The wordmarks little brother, a monogram is a great way to create a logo that is relevant to your brand and is timeless. Although simple as a concept the monogram creates some really fun avenues to express the personality of your brand. In the Horst Builders logo for example the owner requested a logo that communicated a sense of high-end luxury with an old-time charm. The resulting monogram used the shape of a handsaw to capture just what they requested.

Typically you will not see monograms for businesses with more than 3 letters and it is also more commonly used when the company’s moniker is typically the same as their initialism. For example, Hewlett Packard and General Electric are now more commonly referred to as HP and GE so their monogram logos both make sense to clients. Your company doesnt have to use an initialism to utilize monogram logos. Luxury brands Louis Vuitton and Coco Channel both use monogram logos despite not being referred to as LV or CC.

Horst Builders, Nashville, TN Branding created in 2021

Illustrative Logos

Unlike iconic logos, illustrative logos tie an illustrated element into the wordmark that cannot be separated from the design or broken up into parts. This type of logo design often requires the design team to come up with different variations when changing from horizontal to vertical orientation. It is a great solution, however, for brands that want to look custom and personalized or for those looking to tuck in a bit of subtle symbolism. Illustrative logos work well with the use of negative space as you can see in the CASE logo below. The Illustrated element of the door cannot be removed as a separate element from the logo as a whole.

In the Sowing clover logo the floral components can be removed however they are not used separately from either the Wordmark or the Monogram. But when paired together they make a beautiful example of an illustrative logo.

Character Logos

Last but not least, character logos take the elements of an illustrative logo, but they focus their attention on a particular character. The character can either be the company founder or namesake as you can see in the Newman’s Own logo or one of our client’s Mad Dog Ranch + Studio. But the character featured doesn’t always have to be an image of someone in your company. Character logos are often just as effective when depicting an image of your target audience. In the Nova Birth logo, you can see their slogan “Humanizing Birth for Mother & Baby” which goes perfectly with the illustration of the mother and baby.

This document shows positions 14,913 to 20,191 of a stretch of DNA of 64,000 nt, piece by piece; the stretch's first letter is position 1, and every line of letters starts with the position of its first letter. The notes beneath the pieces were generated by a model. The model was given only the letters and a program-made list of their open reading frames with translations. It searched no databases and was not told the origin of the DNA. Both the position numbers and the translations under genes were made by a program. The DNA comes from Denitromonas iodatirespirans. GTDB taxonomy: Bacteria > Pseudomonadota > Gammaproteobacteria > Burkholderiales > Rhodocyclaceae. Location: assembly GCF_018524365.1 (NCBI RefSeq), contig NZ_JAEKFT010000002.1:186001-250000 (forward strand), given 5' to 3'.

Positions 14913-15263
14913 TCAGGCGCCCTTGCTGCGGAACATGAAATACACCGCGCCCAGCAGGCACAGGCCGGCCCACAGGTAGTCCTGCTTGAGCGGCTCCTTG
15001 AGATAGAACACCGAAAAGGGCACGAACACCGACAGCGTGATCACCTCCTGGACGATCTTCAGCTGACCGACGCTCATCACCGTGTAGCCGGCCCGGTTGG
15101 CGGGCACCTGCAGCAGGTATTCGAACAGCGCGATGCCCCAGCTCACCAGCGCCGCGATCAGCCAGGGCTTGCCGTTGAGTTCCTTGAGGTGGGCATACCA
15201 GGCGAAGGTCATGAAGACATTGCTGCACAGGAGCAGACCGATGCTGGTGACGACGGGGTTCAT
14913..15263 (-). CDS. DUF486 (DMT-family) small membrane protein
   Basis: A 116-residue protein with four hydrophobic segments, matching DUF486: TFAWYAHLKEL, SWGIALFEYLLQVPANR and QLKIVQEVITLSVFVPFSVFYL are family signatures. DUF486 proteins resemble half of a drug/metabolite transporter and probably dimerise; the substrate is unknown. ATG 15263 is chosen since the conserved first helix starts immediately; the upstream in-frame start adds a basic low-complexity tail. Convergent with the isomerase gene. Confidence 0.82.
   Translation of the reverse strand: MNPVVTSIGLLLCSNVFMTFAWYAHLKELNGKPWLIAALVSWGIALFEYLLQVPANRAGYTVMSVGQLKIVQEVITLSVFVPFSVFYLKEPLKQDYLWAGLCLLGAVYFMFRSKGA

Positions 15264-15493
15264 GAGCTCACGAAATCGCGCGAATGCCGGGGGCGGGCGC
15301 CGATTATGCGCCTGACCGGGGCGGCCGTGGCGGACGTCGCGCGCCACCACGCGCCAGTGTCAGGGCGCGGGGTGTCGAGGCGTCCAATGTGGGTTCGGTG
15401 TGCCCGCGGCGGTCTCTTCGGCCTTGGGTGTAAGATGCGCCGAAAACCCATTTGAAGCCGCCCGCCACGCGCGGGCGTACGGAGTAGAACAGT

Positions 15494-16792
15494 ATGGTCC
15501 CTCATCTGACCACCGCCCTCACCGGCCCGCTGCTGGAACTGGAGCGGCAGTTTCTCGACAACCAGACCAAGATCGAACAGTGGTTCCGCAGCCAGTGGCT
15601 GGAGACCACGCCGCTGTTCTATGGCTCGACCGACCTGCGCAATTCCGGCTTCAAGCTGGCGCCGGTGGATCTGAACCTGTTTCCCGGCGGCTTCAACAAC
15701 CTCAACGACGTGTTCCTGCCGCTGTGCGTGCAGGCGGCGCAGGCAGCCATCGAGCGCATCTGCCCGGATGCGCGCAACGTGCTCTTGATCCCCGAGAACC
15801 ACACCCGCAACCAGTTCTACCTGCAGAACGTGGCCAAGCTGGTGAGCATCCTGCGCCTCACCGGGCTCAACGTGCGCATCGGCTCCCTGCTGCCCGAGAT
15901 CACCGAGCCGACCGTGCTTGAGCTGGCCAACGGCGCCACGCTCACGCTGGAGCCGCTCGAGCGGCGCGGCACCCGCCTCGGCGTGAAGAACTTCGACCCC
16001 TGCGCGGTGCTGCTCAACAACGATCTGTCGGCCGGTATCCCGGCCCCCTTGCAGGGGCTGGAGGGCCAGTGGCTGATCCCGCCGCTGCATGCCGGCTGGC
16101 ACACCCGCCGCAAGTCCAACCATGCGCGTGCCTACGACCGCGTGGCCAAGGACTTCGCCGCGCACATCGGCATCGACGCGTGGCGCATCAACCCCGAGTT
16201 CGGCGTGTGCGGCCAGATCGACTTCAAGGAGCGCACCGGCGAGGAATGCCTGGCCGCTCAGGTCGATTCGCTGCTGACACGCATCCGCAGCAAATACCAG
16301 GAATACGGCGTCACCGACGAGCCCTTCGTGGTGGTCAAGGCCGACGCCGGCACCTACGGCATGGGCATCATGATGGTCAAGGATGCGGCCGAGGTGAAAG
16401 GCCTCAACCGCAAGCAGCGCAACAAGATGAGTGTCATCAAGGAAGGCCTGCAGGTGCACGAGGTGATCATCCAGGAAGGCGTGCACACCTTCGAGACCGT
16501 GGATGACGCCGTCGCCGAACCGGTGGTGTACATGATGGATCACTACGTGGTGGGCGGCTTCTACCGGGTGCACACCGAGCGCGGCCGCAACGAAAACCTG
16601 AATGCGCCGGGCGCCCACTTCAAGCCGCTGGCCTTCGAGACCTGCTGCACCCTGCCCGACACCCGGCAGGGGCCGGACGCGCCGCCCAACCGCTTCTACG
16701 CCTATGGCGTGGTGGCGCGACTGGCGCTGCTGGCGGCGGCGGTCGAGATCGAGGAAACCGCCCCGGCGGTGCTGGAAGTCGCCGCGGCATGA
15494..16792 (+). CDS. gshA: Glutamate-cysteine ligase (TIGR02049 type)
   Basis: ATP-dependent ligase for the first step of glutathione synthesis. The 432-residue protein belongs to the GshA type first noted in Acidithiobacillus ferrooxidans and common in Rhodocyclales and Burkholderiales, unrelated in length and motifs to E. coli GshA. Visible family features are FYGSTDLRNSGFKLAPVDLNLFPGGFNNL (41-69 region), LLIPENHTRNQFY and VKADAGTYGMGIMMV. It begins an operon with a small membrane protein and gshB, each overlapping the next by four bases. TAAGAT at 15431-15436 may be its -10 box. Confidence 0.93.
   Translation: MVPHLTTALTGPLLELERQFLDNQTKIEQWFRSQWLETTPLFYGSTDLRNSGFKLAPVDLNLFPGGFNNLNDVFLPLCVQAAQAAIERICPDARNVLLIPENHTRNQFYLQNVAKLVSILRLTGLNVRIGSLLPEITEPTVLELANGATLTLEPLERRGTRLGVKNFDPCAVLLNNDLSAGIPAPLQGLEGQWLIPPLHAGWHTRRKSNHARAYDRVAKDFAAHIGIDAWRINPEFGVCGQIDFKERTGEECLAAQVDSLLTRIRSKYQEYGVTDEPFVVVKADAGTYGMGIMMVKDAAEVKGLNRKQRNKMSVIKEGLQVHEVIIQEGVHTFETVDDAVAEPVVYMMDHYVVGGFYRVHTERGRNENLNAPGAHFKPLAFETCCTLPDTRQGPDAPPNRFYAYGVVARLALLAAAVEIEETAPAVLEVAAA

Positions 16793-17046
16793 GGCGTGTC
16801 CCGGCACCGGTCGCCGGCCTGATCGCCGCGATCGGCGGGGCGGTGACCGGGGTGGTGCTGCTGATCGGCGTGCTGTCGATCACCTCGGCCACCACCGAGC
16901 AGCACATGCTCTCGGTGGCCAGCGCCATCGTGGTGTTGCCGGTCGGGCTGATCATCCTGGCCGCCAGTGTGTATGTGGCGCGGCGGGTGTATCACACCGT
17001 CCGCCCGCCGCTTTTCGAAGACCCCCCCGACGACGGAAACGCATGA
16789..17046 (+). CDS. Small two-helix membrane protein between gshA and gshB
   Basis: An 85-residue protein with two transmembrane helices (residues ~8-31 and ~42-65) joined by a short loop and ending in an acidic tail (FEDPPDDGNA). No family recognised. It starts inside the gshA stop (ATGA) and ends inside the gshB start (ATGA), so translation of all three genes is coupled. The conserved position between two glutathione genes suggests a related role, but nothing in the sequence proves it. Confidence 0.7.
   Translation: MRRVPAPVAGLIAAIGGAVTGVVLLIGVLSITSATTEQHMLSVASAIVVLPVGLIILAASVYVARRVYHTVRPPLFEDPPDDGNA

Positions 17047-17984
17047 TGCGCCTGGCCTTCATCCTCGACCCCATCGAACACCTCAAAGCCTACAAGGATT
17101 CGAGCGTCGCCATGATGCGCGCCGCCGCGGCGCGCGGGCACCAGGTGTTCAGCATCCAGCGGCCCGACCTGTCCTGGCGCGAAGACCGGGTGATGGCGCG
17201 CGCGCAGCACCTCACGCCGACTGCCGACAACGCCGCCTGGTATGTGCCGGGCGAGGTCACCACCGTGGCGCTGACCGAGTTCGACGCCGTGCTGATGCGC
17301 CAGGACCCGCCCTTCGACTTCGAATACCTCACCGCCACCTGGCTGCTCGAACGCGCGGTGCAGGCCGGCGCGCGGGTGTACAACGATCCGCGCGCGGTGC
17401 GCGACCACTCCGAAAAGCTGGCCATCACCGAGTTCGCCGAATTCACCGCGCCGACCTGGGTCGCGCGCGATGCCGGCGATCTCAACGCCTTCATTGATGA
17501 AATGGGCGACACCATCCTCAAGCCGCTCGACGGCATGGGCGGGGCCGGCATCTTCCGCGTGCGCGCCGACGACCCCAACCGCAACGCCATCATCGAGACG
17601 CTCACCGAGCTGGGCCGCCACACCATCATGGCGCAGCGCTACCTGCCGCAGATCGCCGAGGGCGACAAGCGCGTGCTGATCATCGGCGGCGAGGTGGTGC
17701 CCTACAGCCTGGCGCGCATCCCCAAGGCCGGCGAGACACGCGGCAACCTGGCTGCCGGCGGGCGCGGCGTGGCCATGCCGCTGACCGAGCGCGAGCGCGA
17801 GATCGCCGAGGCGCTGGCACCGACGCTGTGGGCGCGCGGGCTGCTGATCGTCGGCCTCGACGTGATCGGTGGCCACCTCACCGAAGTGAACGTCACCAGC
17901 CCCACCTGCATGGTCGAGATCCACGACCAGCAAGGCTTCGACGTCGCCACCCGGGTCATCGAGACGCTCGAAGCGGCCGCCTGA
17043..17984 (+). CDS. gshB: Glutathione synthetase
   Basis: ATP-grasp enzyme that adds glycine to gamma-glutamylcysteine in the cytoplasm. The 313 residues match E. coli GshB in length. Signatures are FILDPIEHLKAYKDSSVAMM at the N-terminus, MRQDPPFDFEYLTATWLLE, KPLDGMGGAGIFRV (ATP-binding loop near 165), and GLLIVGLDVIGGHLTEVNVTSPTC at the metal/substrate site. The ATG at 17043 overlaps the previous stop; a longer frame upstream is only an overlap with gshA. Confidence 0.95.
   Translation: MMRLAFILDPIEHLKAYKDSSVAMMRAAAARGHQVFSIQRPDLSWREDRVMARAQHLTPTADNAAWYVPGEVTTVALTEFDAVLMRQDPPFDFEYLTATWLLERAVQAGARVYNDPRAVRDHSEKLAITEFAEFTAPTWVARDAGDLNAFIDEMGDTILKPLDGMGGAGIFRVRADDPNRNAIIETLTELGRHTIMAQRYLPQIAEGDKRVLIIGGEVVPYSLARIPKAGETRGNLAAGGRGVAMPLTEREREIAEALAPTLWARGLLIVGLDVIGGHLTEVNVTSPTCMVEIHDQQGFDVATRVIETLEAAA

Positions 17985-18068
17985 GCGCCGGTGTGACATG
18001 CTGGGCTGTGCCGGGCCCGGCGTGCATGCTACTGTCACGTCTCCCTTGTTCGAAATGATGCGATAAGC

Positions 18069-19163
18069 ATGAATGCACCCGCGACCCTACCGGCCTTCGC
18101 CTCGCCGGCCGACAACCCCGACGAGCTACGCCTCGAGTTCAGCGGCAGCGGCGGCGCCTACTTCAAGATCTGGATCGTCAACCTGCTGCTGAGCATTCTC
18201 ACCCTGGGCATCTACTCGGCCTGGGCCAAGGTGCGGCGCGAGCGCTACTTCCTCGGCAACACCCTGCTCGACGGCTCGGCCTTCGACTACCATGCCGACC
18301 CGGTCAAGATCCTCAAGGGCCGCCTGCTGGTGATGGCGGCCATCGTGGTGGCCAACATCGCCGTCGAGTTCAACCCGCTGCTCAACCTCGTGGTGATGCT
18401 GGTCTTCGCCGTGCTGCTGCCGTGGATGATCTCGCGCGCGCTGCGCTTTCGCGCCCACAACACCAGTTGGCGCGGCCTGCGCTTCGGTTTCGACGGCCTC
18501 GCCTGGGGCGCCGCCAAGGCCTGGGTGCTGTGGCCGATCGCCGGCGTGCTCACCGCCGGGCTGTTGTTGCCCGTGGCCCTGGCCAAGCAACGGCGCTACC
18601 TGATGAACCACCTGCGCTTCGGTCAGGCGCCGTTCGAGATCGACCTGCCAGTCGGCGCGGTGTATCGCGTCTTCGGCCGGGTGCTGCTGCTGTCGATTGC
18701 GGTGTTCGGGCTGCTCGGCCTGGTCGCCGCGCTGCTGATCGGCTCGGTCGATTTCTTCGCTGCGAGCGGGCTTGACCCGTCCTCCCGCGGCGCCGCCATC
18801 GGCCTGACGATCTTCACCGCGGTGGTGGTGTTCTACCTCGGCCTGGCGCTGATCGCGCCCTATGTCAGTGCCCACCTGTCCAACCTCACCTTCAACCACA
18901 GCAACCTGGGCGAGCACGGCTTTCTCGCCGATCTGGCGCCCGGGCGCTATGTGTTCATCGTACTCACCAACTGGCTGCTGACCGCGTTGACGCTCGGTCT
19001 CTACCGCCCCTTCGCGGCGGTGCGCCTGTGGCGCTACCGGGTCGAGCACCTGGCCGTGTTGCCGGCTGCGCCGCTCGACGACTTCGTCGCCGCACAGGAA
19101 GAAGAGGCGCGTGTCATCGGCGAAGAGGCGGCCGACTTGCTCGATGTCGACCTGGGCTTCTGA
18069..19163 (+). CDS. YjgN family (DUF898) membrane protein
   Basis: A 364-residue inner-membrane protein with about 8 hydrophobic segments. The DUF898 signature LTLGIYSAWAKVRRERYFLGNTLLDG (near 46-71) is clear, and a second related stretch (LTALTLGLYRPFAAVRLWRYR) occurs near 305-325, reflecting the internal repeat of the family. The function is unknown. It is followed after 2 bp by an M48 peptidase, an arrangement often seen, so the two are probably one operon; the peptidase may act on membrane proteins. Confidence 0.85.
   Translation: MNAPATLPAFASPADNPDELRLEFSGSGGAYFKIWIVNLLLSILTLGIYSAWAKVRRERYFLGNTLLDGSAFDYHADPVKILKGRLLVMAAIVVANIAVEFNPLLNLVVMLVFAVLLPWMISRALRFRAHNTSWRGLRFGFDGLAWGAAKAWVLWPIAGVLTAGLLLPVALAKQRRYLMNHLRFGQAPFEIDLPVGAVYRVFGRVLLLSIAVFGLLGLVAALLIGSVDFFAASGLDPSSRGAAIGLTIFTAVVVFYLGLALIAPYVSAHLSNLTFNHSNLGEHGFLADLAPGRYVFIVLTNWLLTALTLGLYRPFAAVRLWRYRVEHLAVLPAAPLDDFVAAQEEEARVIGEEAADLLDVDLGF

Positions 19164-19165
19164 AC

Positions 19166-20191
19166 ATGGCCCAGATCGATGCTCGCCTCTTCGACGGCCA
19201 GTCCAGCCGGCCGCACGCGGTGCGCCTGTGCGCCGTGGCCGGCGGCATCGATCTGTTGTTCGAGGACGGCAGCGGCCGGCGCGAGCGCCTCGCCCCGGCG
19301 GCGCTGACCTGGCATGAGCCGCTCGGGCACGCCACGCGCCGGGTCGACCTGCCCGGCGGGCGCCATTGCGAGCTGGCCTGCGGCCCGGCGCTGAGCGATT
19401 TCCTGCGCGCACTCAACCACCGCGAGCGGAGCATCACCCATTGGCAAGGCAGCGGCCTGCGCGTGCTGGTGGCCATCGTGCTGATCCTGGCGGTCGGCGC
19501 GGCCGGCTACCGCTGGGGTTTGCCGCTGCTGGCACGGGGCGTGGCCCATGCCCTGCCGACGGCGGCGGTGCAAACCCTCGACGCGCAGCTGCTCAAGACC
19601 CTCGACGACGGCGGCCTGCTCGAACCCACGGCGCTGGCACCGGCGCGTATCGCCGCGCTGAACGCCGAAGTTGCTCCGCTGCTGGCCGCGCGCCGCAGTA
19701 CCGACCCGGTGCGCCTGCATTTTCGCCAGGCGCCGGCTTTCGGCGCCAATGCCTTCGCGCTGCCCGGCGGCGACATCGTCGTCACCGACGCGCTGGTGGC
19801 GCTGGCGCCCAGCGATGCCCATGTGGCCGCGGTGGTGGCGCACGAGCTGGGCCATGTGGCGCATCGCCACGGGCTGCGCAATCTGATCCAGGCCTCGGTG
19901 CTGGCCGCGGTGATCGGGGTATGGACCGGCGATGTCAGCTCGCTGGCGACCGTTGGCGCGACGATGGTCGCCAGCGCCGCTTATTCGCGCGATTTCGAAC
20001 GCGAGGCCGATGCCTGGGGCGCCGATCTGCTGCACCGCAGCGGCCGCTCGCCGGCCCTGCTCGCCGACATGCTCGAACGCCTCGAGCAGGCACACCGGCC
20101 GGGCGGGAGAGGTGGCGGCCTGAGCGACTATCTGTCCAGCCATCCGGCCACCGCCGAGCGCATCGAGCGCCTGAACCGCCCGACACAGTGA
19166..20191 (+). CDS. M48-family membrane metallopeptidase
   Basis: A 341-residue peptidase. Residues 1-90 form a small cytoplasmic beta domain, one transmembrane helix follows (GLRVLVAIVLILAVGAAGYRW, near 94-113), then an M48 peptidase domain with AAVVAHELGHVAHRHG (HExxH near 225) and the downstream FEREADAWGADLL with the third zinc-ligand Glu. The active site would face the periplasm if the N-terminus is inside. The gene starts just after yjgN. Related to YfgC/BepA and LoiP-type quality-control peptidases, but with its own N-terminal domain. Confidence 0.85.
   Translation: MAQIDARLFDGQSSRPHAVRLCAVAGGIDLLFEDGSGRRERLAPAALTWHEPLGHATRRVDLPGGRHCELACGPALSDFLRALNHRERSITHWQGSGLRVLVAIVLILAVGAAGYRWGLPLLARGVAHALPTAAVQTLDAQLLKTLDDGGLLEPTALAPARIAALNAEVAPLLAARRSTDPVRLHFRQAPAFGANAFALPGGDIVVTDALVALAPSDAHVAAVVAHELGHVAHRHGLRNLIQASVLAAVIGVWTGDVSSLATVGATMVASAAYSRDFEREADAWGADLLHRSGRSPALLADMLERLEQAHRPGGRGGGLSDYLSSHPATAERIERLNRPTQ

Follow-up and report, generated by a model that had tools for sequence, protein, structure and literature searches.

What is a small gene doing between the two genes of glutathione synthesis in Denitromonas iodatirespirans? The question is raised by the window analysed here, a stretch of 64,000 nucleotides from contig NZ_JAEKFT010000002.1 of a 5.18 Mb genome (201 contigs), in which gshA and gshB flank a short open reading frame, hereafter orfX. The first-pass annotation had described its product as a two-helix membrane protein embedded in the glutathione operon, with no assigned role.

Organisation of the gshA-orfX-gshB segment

The most important element of character logo design is to ensure that you have accurately captured the brand. Imagine if Paul Newman’s image on the bottle was him shirtless holding a dog? Would that still communicate the brand message of philanthropy as he intended? Yes, that is an extreme example, however, little things like posture and facial expressions matter a great deal when designing character logos. So be sure to entrust the job to someone with more than just an ability to draw.


No matter what your specific needs are, the ability to get a logo designed by a professional can be extremely helpful. It can also get confusing. There are so many companies out there designing logos that it can be difficult putting them all together and deciding which is the best choice for your particular situation. No matter who you choose to design your logo knowing the logo type you are looking for will make the process much easier.